Sometimes the theme is put aside. A large gallery dedicated to “Wizard of Oz” reminds us that the film outlived six directors, that Shirley Temple was considered for the role of Dorothy and – with a post- # MeToo perspective – that two executives were subsequently charged for harassing child stars. A small gallery devoted to sound techniques shows how the sound editing has made the rolling rock in “Raiders of the Lost Ark” so exciting. Elsewhere, sci-fi fans can admire life-size figures and molds, ranging from Edward Scissorhands and the chrome foundation of Terminator to the cast skull of Arnold Schwarzenegger. And another fascinating part of the museum is devoted to devices invented over the centuries to move stationary figures, all taken from Richard Balzer’s collection of pre-cinematic devices.
But as you browse galleries devoted to directing, costumes, casting, animation, or writing, it may seem like someone is looking over your shoulder, repeating lessons by ear. There are recurring facts about the “under-represented”: who was the first native to win an Oscar? (Buffy Sainte-Marie for Best Original Song, 1983). This emphasis also affects choices and proportions. Why does an average film by a director without a great career rank in the top six galleries? (Because “Real Women Have Curves,” directed by Patricia Cardoso in 2002, is “an unprecedented exploration of gender politics and the immigrant experience” among Mexican Americans). And as someone who thinks Japanese animator Hayao Miyazaki is overrated, I thought celebrating him in a larger-than-any other temporary exhibit here – around 15,000 square feet – had something to do with the desire to the Academy to show its commitment to international representation.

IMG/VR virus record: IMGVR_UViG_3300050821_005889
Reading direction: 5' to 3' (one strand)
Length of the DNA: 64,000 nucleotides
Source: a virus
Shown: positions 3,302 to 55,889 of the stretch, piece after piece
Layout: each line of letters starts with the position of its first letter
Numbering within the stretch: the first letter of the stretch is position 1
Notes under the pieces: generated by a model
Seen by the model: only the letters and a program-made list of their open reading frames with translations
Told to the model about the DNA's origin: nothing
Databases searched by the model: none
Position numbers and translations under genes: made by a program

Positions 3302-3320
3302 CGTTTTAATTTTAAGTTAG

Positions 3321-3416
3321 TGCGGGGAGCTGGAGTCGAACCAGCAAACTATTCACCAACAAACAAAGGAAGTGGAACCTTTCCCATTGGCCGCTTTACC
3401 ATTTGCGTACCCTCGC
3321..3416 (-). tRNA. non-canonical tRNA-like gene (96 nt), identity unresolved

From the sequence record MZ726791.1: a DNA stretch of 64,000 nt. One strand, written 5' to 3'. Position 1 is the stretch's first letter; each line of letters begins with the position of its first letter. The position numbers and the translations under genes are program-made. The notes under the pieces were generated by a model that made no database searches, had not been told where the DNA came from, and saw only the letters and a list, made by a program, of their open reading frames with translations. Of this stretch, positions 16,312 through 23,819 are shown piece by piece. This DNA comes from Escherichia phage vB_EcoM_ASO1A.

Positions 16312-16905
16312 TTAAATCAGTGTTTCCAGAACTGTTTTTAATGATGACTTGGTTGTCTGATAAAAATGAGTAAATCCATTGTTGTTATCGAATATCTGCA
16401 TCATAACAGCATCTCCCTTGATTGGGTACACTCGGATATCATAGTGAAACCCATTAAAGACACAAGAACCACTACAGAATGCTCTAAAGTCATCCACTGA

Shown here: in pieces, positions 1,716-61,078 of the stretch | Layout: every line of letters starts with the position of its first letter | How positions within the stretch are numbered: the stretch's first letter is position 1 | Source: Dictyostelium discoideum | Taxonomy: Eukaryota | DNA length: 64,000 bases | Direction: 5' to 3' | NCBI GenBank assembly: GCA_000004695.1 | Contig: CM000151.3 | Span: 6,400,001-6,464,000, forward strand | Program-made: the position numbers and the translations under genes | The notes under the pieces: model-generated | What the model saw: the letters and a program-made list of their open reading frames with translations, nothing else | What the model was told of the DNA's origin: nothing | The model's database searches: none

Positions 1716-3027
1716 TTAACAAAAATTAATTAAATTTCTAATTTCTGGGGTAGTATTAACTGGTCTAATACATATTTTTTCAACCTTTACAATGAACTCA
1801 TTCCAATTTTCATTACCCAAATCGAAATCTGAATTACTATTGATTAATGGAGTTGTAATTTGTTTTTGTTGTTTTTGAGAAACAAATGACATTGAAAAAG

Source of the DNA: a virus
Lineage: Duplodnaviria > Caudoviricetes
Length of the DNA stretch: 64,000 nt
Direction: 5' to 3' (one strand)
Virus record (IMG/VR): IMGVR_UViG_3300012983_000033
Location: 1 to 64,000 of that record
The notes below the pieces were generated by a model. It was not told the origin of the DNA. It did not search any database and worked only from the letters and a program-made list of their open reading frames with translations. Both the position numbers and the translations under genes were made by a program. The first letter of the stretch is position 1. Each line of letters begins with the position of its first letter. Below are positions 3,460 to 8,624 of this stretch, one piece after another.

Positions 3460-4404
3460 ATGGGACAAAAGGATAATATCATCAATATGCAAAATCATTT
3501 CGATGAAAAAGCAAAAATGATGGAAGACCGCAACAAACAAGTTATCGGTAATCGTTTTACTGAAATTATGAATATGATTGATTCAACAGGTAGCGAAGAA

The museum’s concern can also take its toll. We are not really offered a new history of cinema, nor a lot of discoveries here. A major exhibition on the history of black cinema, planned for several years and scheduled for 2022, may well accomplish more. But in the meantime, important topics were left out, perhaps because they couldn’t fit comfortably.
Film music is mostly ignored. No attention is taken to how the films have been affected by the symphonic score; Emigrant European composers transformed Hollywood in the 1930s and beyond. Where are Erich Korngold, Bernard Herrmann or John Williams? Instead, we’re offered a dark room in which Hildur Guðnadóttir, an Oscar-winning Icelandic composer for “The Joker,” creates a moody, minimalist (and uninspiring) soundscape.
And no explicit attention is paid to comedy. Perhaps the genre was seen as too frivolous for the museum’s mission. Or would the comedy have uncomfortably disturbed some newly corseted outlook?
Finally, a space devoted to “The future of cinema” presents no emerging technology, no 3D perspective, video game or virtual reality, no allusion to computer processing or streaming. Instead, it displays quotes from “the film community”. The future of cinema is “inclusion and not exclusion”, “not afraid to let go of the past”, “shameless and brazenly inclusive”.
So, with few exceptions, the Academy has created spaces which, as it said last year, “would prioritize the experience of people traditionally under-represented or marginalized”. Unfortunately, this adherence to an ideology of diversity, even in this grandiose and often entertaining space, too often diminishes what it seeks to expand.
-Sir. Rothstein is the Journal’s general critic.